The answer to this ques­tion and oth­ers will vary depend­ing on busi­ness model, indus­try, and many other fac­tors; how­ever, these types of busi­ness deci­sions should be dri­ven by ana­lyt­ics. For fun, I included vis­its from iPad users in the dataset I ana­lyzed to deter­mine the uplift pro­duced from mobile-optimized expe­ri­ences. The results of my analy­sis may sur­prise you—mobile-optimized expe­ri­ences pro­duced an aver­age 15% lower rate of engage­ments per visit for iPad users. For this par­tic­u­lar set of data, the cus­tomer would be bet­ter not redi­rect­ing iPad users to the mobile ver­sion of the site.

While the dataset pro­duced by vis­i­tors using an iPad was small and ulti­mately may not rep­re­sent the pop­u­la­tion after launch, engage­ment and con­ver­sion met­rics for the iPad and other tablet devices should be closely mon­i­tored to ensure users are receiv­ing an opti­mal expe­ri­ence. By tar­get­ing spe­cific expe­ri­ences to spe­cific devices like the iPad, you may be able to attain an addi­tional increase to key user actions.

Here’s some addi­tional resources you can lever­age to ana­lyze the impact of the iPad on your online initiatives.

Sam­ple iPad User Agent—use­ful for updat­ing mobile site redi­rec­tion rules:

Mozilla/5.0 (iPad; U; CPU iPhone OS 3_2 like Mac OS X; en-us) AppleWebKit/531.21.10 (KHTML, like Gecko) Version/4.0.4 Mobile/7B317 Safari/531.21.10

iPad Ana­lyt­ics Sup­port—Omni­ture pro­vides both mea­sure­ment and report­ing sup­port for the iPad: iPad App Mea­sure­ment & iPad Mobile Device Report­ing (press release)

iPad-device-identification

iPad Site­Cat­a­lyst App—updated ver­sion of the app opti­mized for the iPad:Site­Cat­a­lyst App for iPhone, iPod Touch, and iPad (Ver­sion 1.2)

Home­work assign­ment—browse to the mobile reports in your Site­Cat­a­lyst report­ing envi­ron­ment and search for “iPad” to see if any­one with a “pre-release” device has vis­ited your web­sites or apps.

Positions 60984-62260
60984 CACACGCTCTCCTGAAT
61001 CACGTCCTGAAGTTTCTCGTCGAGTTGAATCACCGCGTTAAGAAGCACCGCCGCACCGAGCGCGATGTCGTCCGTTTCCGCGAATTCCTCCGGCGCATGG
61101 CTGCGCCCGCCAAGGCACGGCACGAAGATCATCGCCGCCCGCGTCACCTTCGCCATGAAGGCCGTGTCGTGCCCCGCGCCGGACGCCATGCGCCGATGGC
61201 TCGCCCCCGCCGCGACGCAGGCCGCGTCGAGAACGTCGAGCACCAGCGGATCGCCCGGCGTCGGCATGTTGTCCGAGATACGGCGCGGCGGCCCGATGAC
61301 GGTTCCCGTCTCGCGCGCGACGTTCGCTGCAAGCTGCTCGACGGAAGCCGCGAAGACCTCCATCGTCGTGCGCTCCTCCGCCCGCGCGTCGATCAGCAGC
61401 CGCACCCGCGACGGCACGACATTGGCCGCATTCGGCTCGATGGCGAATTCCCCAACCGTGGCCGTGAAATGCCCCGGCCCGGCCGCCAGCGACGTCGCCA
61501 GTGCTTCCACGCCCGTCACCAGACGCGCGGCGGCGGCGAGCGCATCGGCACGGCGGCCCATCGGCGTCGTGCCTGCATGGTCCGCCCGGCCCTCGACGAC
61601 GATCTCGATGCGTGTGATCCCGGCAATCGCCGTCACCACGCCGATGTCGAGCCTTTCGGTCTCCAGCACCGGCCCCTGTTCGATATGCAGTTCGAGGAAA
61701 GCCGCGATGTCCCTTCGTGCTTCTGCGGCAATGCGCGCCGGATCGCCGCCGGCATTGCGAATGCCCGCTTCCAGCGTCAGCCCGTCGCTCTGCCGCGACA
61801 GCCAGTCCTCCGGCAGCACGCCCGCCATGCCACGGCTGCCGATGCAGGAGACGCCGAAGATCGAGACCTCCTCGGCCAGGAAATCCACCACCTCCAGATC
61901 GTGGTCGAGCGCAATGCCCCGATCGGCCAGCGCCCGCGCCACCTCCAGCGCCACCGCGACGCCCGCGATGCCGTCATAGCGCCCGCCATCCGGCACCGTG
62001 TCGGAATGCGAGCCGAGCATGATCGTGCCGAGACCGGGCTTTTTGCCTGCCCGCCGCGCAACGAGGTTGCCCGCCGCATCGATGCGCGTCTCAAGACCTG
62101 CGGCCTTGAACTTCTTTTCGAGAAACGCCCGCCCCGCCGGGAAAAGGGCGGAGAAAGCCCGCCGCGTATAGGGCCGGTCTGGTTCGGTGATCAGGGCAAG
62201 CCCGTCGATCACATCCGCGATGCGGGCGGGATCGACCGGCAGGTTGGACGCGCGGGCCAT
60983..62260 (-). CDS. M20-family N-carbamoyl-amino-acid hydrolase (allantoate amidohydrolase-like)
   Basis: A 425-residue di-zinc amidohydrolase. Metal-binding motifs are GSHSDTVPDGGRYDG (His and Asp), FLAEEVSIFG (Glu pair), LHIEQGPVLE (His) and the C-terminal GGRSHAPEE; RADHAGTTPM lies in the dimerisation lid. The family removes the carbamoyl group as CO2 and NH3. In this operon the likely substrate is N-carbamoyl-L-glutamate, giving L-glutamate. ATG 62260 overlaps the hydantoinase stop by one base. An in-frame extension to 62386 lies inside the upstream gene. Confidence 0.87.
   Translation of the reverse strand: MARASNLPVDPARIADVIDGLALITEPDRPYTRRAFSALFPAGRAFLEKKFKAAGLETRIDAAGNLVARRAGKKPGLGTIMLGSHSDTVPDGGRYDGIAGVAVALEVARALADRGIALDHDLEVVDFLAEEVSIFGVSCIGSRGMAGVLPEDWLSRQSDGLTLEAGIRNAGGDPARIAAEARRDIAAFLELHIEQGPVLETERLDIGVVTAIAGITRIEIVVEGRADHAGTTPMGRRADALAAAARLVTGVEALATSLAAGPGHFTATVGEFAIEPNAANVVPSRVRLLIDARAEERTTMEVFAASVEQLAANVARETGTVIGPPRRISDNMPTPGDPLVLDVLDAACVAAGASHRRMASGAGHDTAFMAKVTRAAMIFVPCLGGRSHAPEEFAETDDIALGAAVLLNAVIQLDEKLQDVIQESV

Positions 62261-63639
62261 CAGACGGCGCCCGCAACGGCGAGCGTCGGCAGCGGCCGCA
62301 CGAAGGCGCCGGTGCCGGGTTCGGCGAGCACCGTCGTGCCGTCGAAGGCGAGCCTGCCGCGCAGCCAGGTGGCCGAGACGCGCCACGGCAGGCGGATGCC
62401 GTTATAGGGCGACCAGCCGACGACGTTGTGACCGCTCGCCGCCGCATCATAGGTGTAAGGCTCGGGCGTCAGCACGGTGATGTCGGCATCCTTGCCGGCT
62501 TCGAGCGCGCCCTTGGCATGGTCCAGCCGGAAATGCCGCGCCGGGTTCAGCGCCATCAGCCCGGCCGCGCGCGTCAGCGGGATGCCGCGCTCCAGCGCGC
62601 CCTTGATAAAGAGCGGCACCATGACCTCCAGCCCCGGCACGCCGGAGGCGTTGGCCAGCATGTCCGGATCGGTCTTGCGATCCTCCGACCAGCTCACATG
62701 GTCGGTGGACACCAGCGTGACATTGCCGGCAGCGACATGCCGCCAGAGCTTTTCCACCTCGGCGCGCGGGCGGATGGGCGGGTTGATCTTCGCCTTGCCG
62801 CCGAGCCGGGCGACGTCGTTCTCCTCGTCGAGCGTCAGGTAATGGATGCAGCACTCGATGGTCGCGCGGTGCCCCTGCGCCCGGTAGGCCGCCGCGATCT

4 comments
Dave
Dave

Ed--thanks for this as I've been using this 75% stat in recent presentations to clients. However the last 2 times I've shared it I've been asked what it actually means and how you were defining engagement. Any chance you could contact me offline?

Dave
Dave

Ed- this is very interesting however it would be helpful to better understand your methodology. First you state that mobile-optimized experiences average 75% higher rate of engagements per visit for mobile users. But the next paragraph states "For the data set I analyzed, total engagements per visit were 20% lower for the mobile site".

Ed Hewett
Ed Hewett

Dave--i looked at multiple properties so the measure of engagement was different depending on the site. For retail, the measure was revenue per visit, for media, the measure was page views per visit, etc. You may also be interested in this follow-on post: iPad Users Twice as Engaged on Desktop Websites.

Ed Hewett
Ed Hewett

Dave-to clarify, mobile users are more engaged when they receive mobile-optimized experiences than when they receive a standard desktop experience. However, mobile users still have lower engagement rates when compared to desktop users. This demonstrates two things: (1) providing mobile optimized experiences is good (2) there's still lots of room to improve mobile optimized experiences (of course analytics play an important role in identifying trouble spots, etc.)